Chong’er Investment shared an address with Laoniu, though a visit showed the companies no longer occupy the offices in western Beijing listed in SEC filings. Chong’er has a second address, appearing on job recruiting websites, that matches that of Hacheers Fund, of which Li is a partner, according to his profile page on the Entrepreneur Club website. The website of the Peking University Career Center provides a Chong’er e-mail account for Hacheers job applicants.
Family tensions may again be signaled in Li Wangzhi’s use of the name Li Xiaobai on the Entrepreneur Club site. The moniker uses the same Chinese characters as the name of another seventh-century B.C. prince who successfully fought his brother to succeed their father.
Also referenced in the article is Li’s Columbia schoolmate, Tang Baiqiao, a former leader in the 1989 Tiananmen student protests, and now president of the Democracy Academy of China. Tang first spoke to Epoch Times, a paper affiliated to the outlawed Falungong spiritual movement, about his encounters with Li:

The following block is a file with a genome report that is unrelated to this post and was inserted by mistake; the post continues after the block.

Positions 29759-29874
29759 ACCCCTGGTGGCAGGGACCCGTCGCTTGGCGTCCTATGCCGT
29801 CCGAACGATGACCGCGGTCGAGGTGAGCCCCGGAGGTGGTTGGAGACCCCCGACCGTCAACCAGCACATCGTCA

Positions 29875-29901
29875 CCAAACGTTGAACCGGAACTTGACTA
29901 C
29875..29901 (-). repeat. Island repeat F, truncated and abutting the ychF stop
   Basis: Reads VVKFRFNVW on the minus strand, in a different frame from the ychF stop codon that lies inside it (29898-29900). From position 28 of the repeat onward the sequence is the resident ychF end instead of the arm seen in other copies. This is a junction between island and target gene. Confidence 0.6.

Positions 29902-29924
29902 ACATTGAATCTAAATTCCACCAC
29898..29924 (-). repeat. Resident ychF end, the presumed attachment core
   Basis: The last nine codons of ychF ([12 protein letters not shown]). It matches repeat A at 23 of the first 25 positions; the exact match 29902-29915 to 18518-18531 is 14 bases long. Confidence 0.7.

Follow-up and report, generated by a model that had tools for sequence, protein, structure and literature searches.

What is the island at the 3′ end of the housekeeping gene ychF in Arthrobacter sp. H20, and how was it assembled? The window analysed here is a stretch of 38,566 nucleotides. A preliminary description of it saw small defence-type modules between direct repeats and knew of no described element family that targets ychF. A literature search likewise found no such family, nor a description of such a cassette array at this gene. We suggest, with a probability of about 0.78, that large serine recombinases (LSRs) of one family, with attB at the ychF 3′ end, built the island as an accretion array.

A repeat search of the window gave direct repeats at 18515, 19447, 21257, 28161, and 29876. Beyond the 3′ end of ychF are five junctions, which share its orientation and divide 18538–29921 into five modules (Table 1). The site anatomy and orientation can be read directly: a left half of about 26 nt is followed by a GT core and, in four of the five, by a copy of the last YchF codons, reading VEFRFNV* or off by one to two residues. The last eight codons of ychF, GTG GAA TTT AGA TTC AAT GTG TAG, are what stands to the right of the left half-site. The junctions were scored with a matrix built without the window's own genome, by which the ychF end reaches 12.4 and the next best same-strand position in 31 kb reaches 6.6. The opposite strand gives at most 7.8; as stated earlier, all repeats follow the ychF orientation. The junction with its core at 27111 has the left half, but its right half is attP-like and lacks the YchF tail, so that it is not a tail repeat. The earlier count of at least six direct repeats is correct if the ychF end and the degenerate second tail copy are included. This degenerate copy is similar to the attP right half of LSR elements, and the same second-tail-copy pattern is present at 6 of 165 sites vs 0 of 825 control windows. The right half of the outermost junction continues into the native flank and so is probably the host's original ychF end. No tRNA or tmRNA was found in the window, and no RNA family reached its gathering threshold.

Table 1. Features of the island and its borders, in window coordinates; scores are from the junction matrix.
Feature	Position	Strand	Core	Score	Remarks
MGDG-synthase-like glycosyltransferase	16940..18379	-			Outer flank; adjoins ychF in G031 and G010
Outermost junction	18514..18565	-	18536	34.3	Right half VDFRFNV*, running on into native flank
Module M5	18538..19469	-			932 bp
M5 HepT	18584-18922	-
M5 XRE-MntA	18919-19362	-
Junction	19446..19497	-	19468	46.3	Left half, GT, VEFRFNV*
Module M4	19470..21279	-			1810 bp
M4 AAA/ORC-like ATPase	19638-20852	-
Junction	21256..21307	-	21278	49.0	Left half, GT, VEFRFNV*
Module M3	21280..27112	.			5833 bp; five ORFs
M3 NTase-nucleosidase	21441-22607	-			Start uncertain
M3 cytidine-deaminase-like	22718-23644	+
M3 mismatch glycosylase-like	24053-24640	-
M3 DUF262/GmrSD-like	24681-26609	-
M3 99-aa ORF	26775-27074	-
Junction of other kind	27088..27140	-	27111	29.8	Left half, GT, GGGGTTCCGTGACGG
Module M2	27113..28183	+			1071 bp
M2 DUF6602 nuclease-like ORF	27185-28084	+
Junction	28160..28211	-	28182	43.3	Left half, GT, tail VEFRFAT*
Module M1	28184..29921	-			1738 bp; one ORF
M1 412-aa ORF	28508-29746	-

One of their first topics of conversation was the Tiananmen student movement and the massacre. Li said he was only a young teenager at the time so too young to understand when the events took place, but later gained a favorable impression of the Tiananmen participants through contact with faculty at Peking University Law School, where he obtained his first degree. This led him to doubt the official propaganda line.
At Thanksgiving, Li showed Tang his personal Yahoo website that focused on democracy and human rights in China, as Tang recalls. He particularly remembers one essay that Li shared on his Yahoo space, written by Peng Guozheng, a human rights activist who spent over 20 years in jail. The essay won an Epoch Times writing award, Tang recalls.